ARTICLE 19 and the International Justice Clinic at University of California, Irvine School of Law have made a joint intervention in a case against Google, urging the Supreme Court of the United States to maintain the existing protection of freedom of speech online.
In Gonzales v. Google, the Supreme Court may consider whether the liability shield of Section 230 of the Communications Decency Act of 1996 applies to user-generated content promoted through automated recommendation systems. In the joint intervention, we urge the Court not to limit Section 230’s application, as this would severely limit freedom of expression online in the US and beyond.
The case Gonzales v. Google concerns the death of Naomi Gonzales (the petitioner’s daughter) during an ISIS attack in Paris. The Gonzales family sued Google under the Anti-Terrorism Act (18 U.S.C. §2333) arguing that Google, through its YouTube recommendation systems, pushed ISIS videos to users and is partially responsible for Naomi’s death. The petitioner argues that Section 230 does not shield internet platforms from liability for content that is promoted through automated recommendation systems. The case reached the Supreme Court after a District Court dismissed the petitioner’s claims in favour of Google, and the 9th Circuit court affirmed the dismissal. The Court will hear the case in February 2023.
The Supreme Court decision in favour of Gonzales could radically change how the internet is regulated and weaken free expression. If the Court limits the application of Section 230, it will incentivise internet platforms to over-rely on automated content moderation tools. These are notoriously poor at differentiating lawful from unlawful speech, leading to excessive removal of lawful, even public interest-oriented, content.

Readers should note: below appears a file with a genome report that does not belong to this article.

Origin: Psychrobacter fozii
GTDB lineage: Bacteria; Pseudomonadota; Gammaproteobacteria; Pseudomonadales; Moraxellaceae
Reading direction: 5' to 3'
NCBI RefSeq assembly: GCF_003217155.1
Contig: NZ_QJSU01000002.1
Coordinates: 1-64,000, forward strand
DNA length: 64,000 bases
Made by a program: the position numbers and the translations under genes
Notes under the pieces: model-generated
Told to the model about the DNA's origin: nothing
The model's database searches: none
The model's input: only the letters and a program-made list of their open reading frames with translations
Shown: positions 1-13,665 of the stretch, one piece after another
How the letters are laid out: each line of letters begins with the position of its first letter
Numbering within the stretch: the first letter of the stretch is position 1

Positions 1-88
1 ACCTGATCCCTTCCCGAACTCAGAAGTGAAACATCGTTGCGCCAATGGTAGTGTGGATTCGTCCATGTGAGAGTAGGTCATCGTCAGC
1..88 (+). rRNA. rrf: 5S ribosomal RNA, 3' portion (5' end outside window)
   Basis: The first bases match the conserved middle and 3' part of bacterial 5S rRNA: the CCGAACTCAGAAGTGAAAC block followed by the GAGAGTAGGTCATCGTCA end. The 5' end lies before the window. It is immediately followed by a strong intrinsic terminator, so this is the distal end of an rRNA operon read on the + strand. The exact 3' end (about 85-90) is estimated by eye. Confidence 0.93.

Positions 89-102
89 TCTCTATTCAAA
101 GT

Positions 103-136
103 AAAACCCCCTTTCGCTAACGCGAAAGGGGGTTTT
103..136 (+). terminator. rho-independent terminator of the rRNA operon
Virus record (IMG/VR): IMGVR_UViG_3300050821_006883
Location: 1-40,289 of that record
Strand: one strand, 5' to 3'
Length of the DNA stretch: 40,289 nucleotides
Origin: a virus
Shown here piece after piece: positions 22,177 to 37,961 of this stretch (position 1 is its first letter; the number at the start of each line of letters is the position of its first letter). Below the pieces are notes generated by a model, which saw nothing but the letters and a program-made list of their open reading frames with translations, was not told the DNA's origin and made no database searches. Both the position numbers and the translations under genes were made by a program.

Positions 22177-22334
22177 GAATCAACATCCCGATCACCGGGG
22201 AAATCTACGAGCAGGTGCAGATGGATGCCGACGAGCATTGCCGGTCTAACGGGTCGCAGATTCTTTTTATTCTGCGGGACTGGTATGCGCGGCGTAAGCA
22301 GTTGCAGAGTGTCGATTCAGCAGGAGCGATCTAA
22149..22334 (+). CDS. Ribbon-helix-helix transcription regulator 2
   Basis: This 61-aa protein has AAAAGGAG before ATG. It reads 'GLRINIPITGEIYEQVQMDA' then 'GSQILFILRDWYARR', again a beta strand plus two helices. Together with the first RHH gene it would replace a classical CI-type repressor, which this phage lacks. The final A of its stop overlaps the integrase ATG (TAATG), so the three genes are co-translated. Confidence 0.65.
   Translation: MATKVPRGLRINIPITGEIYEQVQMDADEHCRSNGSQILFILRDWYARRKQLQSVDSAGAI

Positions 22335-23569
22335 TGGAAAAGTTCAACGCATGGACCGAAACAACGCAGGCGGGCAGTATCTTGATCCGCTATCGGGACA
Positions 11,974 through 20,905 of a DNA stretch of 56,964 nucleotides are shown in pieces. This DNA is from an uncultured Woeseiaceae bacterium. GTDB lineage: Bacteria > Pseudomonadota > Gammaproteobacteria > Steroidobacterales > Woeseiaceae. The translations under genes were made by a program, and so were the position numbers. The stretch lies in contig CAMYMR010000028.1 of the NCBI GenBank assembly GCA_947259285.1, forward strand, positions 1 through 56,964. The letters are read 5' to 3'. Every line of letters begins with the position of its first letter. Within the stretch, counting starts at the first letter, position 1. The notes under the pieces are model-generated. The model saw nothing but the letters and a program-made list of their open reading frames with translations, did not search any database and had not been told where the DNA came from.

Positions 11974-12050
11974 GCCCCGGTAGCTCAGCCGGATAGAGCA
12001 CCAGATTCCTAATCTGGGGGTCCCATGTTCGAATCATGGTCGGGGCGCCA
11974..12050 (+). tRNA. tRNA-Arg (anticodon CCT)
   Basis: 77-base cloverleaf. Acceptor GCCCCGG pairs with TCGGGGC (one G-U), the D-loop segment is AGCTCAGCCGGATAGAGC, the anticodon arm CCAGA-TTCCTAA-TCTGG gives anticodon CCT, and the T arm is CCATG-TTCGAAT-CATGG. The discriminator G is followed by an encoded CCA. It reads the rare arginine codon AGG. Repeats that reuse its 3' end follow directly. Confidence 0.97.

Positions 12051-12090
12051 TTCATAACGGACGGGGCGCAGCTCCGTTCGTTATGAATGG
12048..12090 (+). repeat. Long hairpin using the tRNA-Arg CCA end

In the joint intervention, ARTICLE 19 and the International Justice Clinic, led by David Kaye, former UN Special Rapporteur on Freedom of Expression, call on the Supreme Court to protect free expression, uphold the settled approach by US courts to Section 230, and defer to Congress in its consideration of how to address automated recommendation systems. In particular, we argue the following:
- First, the Court’s application of Section 230 should be guided by the protections for freedom of expression in the First Amendment and international human rights law. As support, the brief shows that the history and intention of Congress in passing Section 230 speak in support of protecting the free exchange of ideas online.
- Second, we argue that the petitioners’ claim effectively deals with the illegality of the content that is ISIS-related rather than the recommendation systems. Without immunity for the algorithmic recommendation systems that promoted this content, internet platforms are likely to over-remove content to avoid liability, resulting in significant actions against lawful content. The amicus highlights lessons learned from other jurisdictions’ efforts to address online content and foreign court decisions that have supported careful approaches to protect freedom of expression online.
- Finally, as ARTICLE 19 has highlighted elsewhere, there is good reason to pursue rights-respecting regulation of recommendation systems. The amicus argues, however, that legislative action – not judicial decision – is the appropriate avenue for such rule-making.
The brief emphasises that Section 230 was designed to promote the freedom of expression of internet users. As such, we urge the Court to affirm the lower court’s decision maintaining immunity under Section 230 and thus to protect and promote the freedom of individuals to seek, receive and impart information and ideas online.
In the proceedings, ARTICLE 19 and the International Justice Clinic are represented by Bob Latham (the Chair of the Board of ARTICLE 19), Marc Fuller and Hannah Walsh of Jackson Walker LLP